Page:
The shocking San Francisco assassinations that forged Feinstein’s political path
The killings took only a few seconds. Two bullets to the head apiece and five to the bodies. Neither victim had a chance.
On a cool November morning in 1978, Dan White strapped on a gun, slipped into City Hall and assassinated Mayor George Moscone and Supervisor Harvey Milk. It was an act of personal and political vengeance that shocked the nation and plunged San Francisco into a tailspin from which it has taken years to recover.
Dianne Feinstein was president of the county Board of Supervisors at the time. She was in City Hall when the killing occurred.
Sen. Dianne Feinstein survived an assassination attempt and a mayoral recall to become the most popular politician in California for years running.
The assassination and its aftermath helped propel Feinstein to the San Francisco mayor’s office and into national politics. Much of it was tied to a news conference she gave announcing Moscone and Milk’s deaths, a video she would later include in campaign ads that politicos have long described as among the most effective they have ever seen.
Times political writer Keith Love described the ads this way in 1990:
It is the Nov. 27, 1978, press conference at which Feinstein took charge of San Francisco after announcing that Mayor George Moscone and Supervisor Harvey Milk had been assassinated by an angry former supervisor.
The angle of the TV camera is from somewhere below and in front of the crush of grim-faced people surrounding Feinstein at the post-assassination press conference. She looks taut but calm as she says, “Both Mayor Moscone and Supervisor Harvey Milk have been shot . . . and killed.”
There are groans. A woman screams.
And then the ad’s narrator — whose “urgent” voice was used several years ago in ads for the gritty Vietnam War film “Platoon” — intones, “Forged from tragedy, her leadership brought San Francisco together.”
Dianne Feinstein was settling into her office at San Francisco City Hall after a two-week vacation in the Himalayas.
Feinstein discovered Milk dead in his office just after Dan White killed him. She described the scene to the San Francisco Chronicle in 2008:
“I went down the hall. I opened the wrong door. I opened [Milk’s] door. I found Harvey on his stomach. I tried to get a pulse and put my finger through a bullet hole. He was clearly dead... I remember it, actually, as if it was yesterday. And it was one of the hardest moments, if not the hardest moment, of my life. It was a devastating moment. For San Francisco, it was a day of infamy.”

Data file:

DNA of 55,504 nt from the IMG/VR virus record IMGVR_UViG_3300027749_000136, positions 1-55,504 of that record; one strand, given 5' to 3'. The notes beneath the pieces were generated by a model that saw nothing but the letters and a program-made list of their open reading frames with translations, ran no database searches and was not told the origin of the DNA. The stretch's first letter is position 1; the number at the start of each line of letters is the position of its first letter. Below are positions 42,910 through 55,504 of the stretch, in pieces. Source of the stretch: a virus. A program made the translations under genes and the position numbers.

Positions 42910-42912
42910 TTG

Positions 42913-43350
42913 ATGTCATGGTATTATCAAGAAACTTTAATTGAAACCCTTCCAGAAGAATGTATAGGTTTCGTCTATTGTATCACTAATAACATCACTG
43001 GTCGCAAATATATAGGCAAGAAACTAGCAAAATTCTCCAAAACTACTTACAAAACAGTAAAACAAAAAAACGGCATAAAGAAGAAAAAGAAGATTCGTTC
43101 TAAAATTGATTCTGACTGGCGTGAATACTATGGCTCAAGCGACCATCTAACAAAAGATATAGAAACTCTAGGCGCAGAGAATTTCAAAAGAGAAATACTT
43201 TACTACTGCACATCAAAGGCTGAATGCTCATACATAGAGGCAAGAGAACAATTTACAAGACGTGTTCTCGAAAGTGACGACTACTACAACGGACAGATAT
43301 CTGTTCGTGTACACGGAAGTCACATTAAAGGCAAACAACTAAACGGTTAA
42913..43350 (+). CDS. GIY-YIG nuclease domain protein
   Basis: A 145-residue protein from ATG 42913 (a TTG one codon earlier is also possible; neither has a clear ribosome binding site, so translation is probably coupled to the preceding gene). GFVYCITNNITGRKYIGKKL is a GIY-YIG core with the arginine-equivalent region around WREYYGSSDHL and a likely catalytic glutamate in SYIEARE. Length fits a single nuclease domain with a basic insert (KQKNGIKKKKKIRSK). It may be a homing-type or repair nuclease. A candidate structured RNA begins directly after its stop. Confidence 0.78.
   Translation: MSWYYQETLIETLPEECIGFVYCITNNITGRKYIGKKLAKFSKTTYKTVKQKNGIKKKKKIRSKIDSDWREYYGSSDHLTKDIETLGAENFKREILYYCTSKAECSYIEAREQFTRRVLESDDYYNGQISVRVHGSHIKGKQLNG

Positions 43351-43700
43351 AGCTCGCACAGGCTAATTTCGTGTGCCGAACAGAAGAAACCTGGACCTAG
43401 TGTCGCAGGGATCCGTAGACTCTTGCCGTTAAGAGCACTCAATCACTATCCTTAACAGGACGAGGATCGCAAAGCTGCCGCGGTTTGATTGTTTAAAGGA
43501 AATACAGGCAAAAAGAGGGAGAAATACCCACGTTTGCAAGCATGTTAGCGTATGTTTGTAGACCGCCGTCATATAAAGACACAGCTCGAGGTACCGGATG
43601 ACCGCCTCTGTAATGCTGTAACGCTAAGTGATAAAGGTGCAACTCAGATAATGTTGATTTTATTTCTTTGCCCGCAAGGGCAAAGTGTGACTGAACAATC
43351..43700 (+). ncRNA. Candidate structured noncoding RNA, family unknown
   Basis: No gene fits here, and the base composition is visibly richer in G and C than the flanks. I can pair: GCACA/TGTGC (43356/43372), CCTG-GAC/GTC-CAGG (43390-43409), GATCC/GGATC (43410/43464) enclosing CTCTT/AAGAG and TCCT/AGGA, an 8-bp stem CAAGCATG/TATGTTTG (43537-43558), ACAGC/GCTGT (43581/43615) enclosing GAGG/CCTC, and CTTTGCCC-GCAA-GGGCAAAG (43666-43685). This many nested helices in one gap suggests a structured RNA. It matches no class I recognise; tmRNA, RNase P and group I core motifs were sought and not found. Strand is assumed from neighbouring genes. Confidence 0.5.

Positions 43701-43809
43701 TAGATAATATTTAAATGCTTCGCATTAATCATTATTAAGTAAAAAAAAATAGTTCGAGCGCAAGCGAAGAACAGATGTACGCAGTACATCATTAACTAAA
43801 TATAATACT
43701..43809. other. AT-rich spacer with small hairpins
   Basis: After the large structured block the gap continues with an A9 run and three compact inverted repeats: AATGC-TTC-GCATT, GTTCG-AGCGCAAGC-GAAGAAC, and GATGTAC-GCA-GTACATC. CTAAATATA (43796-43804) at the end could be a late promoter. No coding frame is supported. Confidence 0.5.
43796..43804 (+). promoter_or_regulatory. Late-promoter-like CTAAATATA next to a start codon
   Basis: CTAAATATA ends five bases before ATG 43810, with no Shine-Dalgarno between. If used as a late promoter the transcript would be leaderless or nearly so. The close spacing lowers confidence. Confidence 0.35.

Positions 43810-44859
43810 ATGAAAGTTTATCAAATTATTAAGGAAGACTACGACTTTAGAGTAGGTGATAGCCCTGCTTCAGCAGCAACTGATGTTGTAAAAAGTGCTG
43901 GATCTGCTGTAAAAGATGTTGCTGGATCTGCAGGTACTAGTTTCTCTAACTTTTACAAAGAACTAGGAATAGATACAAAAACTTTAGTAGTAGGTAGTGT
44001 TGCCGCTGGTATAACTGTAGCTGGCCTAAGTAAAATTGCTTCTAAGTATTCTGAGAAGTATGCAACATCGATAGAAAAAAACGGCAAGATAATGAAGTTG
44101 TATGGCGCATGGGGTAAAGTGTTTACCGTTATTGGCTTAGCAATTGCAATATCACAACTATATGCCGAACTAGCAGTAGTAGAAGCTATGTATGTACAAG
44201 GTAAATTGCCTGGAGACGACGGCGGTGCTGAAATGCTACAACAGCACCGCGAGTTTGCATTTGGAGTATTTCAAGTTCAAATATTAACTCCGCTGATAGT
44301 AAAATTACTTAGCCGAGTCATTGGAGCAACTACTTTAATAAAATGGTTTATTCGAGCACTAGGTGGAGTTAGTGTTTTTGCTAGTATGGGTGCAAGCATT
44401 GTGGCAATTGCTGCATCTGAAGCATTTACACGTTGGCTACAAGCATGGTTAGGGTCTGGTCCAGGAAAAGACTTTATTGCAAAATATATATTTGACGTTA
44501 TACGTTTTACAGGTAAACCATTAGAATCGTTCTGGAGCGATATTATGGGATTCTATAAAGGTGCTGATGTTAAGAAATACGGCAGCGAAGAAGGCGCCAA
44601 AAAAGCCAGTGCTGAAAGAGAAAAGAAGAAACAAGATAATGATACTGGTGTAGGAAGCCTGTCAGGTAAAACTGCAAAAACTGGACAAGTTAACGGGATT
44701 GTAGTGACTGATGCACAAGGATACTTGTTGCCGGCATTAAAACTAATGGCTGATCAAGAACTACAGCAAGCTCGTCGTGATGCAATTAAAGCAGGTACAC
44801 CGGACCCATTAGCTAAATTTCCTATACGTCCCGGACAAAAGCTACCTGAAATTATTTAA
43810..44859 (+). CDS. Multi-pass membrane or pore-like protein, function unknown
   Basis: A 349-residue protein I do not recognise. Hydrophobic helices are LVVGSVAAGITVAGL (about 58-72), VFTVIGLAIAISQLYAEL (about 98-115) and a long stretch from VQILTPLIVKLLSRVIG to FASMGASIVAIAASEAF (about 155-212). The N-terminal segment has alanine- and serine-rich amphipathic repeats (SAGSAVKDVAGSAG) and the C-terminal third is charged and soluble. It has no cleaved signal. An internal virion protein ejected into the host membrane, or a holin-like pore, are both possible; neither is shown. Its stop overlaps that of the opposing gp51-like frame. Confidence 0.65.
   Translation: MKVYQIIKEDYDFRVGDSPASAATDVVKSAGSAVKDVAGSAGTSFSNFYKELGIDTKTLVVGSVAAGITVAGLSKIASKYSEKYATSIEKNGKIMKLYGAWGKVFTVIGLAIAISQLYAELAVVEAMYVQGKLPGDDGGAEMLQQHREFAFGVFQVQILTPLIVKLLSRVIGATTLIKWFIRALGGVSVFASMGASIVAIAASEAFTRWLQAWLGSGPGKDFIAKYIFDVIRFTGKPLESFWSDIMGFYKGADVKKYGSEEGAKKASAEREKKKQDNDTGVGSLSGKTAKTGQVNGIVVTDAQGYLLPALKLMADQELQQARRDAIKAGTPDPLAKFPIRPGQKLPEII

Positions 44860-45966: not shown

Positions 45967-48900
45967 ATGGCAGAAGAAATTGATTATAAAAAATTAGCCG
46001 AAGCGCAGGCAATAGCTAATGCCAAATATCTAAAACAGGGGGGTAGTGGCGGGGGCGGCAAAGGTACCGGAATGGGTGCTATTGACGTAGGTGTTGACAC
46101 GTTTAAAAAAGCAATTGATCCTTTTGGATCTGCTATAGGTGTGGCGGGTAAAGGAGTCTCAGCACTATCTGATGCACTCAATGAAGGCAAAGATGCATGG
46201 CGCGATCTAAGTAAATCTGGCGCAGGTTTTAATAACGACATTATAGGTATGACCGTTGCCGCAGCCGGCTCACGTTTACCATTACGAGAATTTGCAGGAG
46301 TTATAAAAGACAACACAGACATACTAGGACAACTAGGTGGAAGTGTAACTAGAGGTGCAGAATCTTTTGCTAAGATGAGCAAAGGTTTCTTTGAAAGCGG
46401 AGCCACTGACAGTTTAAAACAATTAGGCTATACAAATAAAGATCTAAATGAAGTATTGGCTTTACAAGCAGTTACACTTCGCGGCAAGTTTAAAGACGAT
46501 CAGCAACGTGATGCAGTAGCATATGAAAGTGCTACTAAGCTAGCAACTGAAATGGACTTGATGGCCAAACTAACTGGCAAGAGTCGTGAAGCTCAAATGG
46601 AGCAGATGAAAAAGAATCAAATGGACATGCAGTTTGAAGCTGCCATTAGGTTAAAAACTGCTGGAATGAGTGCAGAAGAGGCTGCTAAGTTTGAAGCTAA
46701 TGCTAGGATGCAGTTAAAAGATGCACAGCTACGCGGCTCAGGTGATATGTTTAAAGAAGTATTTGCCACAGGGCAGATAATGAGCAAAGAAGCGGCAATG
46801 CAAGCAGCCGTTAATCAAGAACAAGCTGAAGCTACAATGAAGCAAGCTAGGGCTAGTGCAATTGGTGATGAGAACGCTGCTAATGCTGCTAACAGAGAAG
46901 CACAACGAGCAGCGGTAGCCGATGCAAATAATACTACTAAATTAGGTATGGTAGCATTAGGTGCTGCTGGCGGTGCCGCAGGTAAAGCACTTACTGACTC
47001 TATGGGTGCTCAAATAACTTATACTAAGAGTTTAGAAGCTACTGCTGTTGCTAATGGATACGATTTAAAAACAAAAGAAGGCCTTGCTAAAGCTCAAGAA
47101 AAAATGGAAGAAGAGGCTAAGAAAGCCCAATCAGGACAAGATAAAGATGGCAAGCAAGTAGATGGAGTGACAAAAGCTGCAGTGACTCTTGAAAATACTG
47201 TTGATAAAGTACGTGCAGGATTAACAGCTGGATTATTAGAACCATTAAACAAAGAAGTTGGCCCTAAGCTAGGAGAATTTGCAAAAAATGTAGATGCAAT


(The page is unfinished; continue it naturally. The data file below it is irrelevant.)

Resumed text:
“I could smell the gunpowder,” Feinstein told The Times in an interview.
She said moments earlier she had seen White walking by but he ignored her when she called out.
White had resigned as supervisor 17 days before the murders, saying he needed to devote more time to his private business. But shortly after he quit, White asked Moscone for his job back. Moscone refused, and Milk supported that decision.
White used a controversial diminished-capacity defense — claiming his addiction to junk food affected his judgment — and he was convicted of manslaughter. He killed himself in 1985.
Feinstein said the assassinations forged her decades-long efforts on behalf of gun control in the U.S. Senate.
She is perhaps best known for her quest over 25 years in Congress to enact stricter national gun control, including authoring the now-expired original assault weapons ban.
“It’s an issue that has framed and really bookended her career,” Jerry Roberts, a former San Francisco Chronicle editor and author of “Dianne Feinstein: Never Let Them See You Cry,” told The Times in 2018. “It definitely speaks to her perseverance and endurance, which are two of the strongest characteristics she has as a politician that have served her and really enabled her longevity.”
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